The Armenian Ministry of Health has drafted a bill that would introduce a blanket ban on smoking in cafes, restaurants and other public places and impose heavy fines on people violating it.
The bill posted on a government website is part of the ministry’s efforts to reduce the large number smokers in Armenia blamed by medics for the country’s high incidence of lung cancer.
According to ministry estimates, 55 percent of Armenian men are regular smokers. The smoking rate among women in the socially conservative society is much lower: 3 percent. It is considerably higher in Yerevan where around 10 percent of women aged between 30 and 40 are tobacco addicts.
The Armenian authorities already took a set of anti-smoking measures over a decade ago. A special law that came into force in 2005 banned smoking in hospitals, cultural and educational institutions and public buses. Additional restrictions introduced a year later required other entities, including bars and restaurants, to allow smoking only in special secluded areas. But with no legal sanctions put in place against their violation, those measures have proved largely ineffectual.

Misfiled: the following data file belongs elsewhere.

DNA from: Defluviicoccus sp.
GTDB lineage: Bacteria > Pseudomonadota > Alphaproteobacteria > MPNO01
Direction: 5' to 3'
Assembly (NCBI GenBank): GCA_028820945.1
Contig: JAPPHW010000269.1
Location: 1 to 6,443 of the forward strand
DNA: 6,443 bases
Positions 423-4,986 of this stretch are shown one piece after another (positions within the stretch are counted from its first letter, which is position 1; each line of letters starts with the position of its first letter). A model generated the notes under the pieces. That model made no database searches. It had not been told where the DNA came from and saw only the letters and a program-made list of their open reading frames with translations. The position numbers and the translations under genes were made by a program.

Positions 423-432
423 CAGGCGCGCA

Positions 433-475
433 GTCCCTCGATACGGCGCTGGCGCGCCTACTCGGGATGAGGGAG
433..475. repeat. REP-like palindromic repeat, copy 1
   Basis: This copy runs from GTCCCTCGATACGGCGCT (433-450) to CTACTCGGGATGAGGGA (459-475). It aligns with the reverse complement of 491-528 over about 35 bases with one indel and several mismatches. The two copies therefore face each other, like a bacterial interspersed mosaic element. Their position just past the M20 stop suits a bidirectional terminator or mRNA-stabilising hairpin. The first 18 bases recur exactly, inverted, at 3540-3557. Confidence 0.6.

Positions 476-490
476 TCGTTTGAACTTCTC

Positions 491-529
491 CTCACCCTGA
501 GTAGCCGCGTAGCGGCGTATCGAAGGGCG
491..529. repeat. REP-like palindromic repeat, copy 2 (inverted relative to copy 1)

The new bill would extend the ban to cafes, bars, restaurants, government offices and even elevators. People caught smoking there would be fined 250,000 drams ($520), a figure exceeding the average monthly salary in the country. A repeat offense detected within three months would carry an even heavier fine: 500,000 drams.
Smoking inside public buses or minibuses and even at bus stops would be punishable by 100,000 drams. The fine for smoking bus drivers would be set at only 50,000 drams.
The bill, which the Ministry of Health has submitted to the Armenian cabinet for approval, also calls for some restrictions on sales of cigarettes and a ban on any form of tobacco advertising. Armenian TV and radio stations were banned from airing cigarette ads several years ago.
People randomly interviewed by RFE/RL’s Armenian service (Azatutyun.am) in Yerevan on Monday generally approved of the proposed anti-smoking measures, while objecting to the proposed amount of fines.
“It’s definitely about health and it’s is very good,” said one smoking man.
“In my view, it’s the right thing to do,” agreed another male smoker. “But how are they going to enforce the fines? The figure is too high. But I think they would be right to fine people.”
“Let them fine smokers. The state will get richer,” another Yerevan resident commented with sarcasm.
A middle-aged minibus driver criticized the proposed penalty for fellow drivers smoking at the wheel.“Fining is a wrong solution,” he said. “In this nervous job, people smoke to calm their nerves.”